Monday, October 28, 2013

I've started a new novel

It's sort of weird. Me starting a new novel. A year ago it would have been sort of old hat, but ... well, as anyone who has read this blog in the last year might know, things have been a little hectic.

I've not started a novel from scratch in nearly two years. Last year I wrote a bunch, but looking back, much of it was serialized fiction or short stories, especially after the first quarter of the year. This year I've not been able to write nearly as much, mostly because of health-related issues, but I have managed a few short stories and I did work on a long project with another writer (not ready to announce that one yet). Also, early this year I did manage to wrap up my five-part Shieldbreaker series of connected short stories, sort of a serialized tale but not exactly.

So, it's been a while since I've sat down and worked on, let alone begun, a new novel.

I've only finished the first scene, about 1,700 words, but it's been kind of refreshing. It's been a little hectic, too. I feel rusty, like there are cobwebs in my head. The words don't flow quite as easily as they once did, but I think they will, though it might take 20,000 words before I get there again.

I'm not rushing myself. I'm not pushing ahead with daily output goals, a daily word count. I'm just trying to write when I can.

One nice thing is that this novel has been floating around in my head for more than two years now, perhaps even as long as three years. What this means is I already have nearly all the plot worked out, as well as the major characters. I'm not one who outlines, except in my mind, but in the past I have often written on the seat of my pants with only a vague notion of what's to come. Oh, I always knew what the next few chapters would bring, and I always knew the end game, but between all that I often relied upon my characters to lead the way.

I'm not saying that's bad, nor that it's good, but that it's how I often operated, especially with my serialized fiction.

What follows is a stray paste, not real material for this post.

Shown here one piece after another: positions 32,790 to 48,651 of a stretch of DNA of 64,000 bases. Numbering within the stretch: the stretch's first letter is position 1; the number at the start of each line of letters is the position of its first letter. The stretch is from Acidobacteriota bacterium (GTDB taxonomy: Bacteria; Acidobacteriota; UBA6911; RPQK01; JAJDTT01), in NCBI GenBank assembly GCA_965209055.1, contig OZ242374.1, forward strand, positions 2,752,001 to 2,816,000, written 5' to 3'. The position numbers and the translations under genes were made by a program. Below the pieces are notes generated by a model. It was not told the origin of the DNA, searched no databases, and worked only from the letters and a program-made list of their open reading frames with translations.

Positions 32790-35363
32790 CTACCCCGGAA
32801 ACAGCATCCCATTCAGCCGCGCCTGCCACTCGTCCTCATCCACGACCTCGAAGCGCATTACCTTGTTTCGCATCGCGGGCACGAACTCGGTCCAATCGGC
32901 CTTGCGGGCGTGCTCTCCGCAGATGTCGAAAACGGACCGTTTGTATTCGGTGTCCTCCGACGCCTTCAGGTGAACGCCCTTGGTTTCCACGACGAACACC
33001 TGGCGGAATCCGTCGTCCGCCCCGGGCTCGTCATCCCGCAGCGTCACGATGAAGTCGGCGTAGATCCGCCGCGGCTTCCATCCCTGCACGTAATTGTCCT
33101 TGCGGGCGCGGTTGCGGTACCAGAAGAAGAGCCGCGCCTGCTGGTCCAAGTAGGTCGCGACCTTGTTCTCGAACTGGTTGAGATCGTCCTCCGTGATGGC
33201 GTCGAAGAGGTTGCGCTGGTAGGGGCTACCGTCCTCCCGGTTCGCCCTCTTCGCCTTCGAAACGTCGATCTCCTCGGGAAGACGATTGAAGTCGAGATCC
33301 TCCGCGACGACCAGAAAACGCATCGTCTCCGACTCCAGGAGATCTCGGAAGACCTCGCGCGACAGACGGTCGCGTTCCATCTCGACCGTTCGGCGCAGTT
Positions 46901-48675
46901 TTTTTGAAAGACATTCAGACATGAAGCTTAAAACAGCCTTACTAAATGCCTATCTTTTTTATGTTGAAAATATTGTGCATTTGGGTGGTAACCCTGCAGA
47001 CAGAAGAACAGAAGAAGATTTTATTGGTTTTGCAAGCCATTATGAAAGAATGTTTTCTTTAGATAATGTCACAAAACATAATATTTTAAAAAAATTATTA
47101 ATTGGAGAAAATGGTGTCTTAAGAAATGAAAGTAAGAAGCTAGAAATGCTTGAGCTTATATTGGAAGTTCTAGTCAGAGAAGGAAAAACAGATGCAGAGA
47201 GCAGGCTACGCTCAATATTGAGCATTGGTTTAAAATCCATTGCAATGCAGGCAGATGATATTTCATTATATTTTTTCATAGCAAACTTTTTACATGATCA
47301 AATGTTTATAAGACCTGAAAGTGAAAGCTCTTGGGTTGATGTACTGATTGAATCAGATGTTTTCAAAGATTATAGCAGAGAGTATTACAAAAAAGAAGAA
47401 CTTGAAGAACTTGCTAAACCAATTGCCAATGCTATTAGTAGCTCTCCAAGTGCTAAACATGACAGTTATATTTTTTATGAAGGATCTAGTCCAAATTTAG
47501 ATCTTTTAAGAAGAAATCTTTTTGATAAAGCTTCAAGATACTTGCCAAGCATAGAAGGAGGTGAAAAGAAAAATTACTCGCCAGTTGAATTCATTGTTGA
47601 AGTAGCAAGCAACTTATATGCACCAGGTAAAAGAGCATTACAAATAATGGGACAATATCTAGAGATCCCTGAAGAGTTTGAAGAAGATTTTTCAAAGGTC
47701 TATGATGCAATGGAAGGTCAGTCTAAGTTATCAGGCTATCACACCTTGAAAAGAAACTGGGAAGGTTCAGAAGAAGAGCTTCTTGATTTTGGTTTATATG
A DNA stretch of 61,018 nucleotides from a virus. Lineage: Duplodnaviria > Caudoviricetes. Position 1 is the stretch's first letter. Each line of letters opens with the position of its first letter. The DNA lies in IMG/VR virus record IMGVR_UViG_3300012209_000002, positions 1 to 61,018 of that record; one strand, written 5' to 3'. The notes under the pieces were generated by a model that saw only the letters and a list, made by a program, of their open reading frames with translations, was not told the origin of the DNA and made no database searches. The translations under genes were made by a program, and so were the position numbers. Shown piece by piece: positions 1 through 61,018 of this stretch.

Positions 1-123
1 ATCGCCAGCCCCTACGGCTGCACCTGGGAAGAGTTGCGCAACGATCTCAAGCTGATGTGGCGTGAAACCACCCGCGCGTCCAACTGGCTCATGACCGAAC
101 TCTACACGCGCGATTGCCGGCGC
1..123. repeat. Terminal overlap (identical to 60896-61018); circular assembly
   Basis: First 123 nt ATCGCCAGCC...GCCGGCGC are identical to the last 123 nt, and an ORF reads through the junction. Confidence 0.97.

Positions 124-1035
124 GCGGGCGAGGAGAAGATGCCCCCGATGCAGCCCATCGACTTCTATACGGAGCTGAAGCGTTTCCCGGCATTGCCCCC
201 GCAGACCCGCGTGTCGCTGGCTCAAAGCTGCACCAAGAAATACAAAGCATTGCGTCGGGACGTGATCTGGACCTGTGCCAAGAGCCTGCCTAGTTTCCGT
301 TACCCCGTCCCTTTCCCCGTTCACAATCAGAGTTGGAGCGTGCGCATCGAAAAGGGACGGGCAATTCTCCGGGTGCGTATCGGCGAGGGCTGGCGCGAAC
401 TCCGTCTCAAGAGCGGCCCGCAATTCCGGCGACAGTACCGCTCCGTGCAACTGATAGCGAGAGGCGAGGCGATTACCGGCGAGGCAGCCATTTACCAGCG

Now, though, I've got it all in my head. Which I find a nice change of pace. I'm not sure it will speed up my writing, but it does give me more time to kick around different ideas, to consider taking the story in different directions or to go a little deeper with some of my characters.

Often in the past whenever I became stuck in a story, and it happens to every writer at some point or another, I usually found my way through by thinking about the characters and their motivations. I would ask myself, "Okay, what would the logical action or response be from this character considering the circumstances?" This way of thinking almost always pulled me through, though I might have had to spend a few days working out the details.

Now I find I mostly don't have to work out the details. I know them already.

Oh, I'm sure there'll be a few bumps along the road, but perhaps fewer bumps or different bumps.

I'm not suggesting I'm going to take up outlining. There's no need, in my opinion. This particular novel is another Kron Darkbow tale, so afterward I might put off for some while writing the next one in order to let the next Kron tale work itself out in my brain (yes, I've already got the basic plot figured and some of the characters), but I've already got dozen of other ideas for novels ready to hit the page or screen. Some of these other novels would be fantasy, mostly more tales of my Ursian Chronicles even though they don't feature Kron, but some are horror novels or even mainstream or literary novels. And I've still at least two more serialized fiction tales I want to get to, maybe three.

Short stories aren't specifically on my horizon at the moment, but that doesn't mean I'm not interested in writing them. I've found of late I much more like working with an anthology editor or submitting a tale to a magazine than trying to publish my own short stories, mainly because my shorts on their own don't sell all that well but also because I like working with others some.

So, we'll see. At least I'm writing regular again. I'm sure in a month I'll be bitching, wishing this damn novel was finished. But until then, I'll enjoy the ride.

1 comment:

Charles Gramlich said...

Fortunately, once you've done it a few times you can usually shake the cobwebs off and get it rolling. Not that it's easy. Glad you have made some progress and I hope it goes smoothly. Of course, it won't go completely smoothly but as smooth as it can be.